Okay, I just realized I made this plot sound a lot more serious than it truly is. Yes, all this issue is touched upon a lot as Damien is struggling with his future, but there is TONS of fun and laughter mixed in. In fact, I’m betting you’ll notice the quirky girl, the dancing flower, and funny quips more than you will the other stuff. Okay, that may be a slight overstatement, but Campbell really does do an excellent job with mixing it all together.

Characters: Ah, Damien. There are moments where I wanted to shake the boy senseless, but most of the time I just wanted to give him a hug. I mean, one very small letter on his thumb literally changed his life upside down. Had it only gone the way it was supposed to and he would be on his way to becoming a supervillain at Vilmore. Instead, he got ripped from everything he knew and thrown into a new goody-good family. Yet, perhaps that was the best thing that happened to him, especially when you see how his home life really was. His mom wouldn’t exactly be winning any mother-of-the-year awards. Every time he went home I just wanted to give him cookies with milk and tell him it’d be ok.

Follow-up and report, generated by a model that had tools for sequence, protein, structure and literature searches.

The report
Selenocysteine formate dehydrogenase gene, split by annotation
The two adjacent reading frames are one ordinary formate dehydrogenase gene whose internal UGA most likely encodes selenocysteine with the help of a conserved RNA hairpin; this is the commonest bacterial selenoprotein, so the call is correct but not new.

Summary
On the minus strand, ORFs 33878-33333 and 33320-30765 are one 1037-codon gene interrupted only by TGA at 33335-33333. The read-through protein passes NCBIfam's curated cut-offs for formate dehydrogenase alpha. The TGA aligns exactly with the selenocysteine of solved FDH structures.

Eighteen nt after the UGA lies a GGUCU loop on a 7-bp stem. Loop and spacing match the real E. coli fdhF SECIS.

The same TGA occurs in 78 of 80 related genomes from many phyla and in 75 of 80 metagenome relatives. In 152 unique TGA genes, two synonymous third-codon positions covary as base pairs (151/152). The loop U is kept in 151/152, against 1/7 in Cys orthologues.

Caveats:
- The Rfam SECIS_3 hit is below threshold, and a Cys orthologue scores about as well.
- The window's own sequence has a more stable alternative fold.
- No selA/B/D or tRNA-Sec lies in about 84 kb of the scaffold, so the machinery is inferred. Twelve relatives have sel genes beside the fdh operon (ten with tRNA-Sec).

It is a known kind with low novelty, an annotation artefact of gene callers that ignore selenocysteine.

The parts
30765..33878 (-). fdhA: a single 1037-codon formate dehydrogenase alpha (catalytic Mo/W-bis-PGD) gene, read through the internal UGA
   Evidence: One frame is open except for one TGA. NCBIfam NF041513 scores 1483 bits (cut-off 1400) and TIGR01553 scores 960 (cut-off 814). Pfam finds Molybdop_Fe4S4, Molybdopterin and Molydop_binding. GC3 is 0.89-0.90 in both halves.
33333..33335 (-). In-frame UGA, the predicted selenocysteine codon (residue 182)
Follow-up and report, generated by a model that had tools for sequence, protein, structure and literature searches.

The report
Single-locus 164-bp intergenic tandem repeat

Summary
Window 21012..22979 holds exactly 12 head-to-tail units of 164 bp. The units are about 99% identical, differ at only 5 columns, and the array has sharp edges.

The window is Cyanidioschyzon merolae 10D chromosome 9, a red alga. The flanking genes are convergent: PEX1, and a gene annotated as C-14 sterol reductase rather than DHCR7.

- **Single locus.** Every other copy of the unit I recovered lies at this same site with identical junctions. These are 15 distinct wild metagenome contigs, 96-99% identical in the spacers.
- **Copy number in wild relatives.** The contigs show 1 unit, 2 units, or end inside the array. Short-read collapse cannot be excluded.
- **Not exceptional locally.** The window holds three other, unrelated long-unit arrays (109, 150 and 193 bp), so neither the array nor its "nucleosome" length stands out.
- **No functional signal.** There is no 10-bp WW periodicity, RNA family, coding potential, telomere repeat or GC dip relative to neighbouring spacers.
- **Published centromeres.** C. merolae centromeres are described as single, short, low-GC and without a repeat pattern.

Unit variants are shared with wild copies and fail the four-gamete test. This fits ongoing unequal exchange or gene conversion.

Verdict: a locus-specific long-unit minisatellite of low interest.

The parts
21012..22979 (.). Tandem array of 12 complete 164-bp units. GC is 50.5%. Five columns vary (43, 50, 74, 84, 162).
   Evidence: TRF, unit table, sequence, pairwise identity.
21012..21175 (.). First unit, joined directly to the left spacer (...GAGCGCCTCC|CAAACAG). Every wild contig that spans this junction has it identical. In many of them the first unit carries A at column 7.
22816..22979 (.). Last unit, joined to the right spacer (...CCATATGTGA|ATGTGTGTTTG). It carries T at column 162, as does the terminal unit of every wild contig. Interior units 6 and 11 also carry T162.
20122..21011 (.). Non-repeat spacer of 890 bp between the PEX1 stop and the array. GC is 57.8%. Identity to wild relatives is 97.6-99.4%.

On the other hand, Damien proves often enough that he doesn’t need that. He may be feeling lonely and unwanted, but he still knows who he is. He’s not afraid to risk his life for those he loves…and sometimes those he may not even know. Sure, maybe he won’t be the big, awful supervillain but I’m not sure he was ever meant to be. He always had this line that he couldn’t cross and no amount of training would have changed that. I was glad to see that sense of his right and wrong didn’t change through all he had to go through. He may have learned it wasn’t his mother’s or father’s right or wrongs, but they were his and that was enough.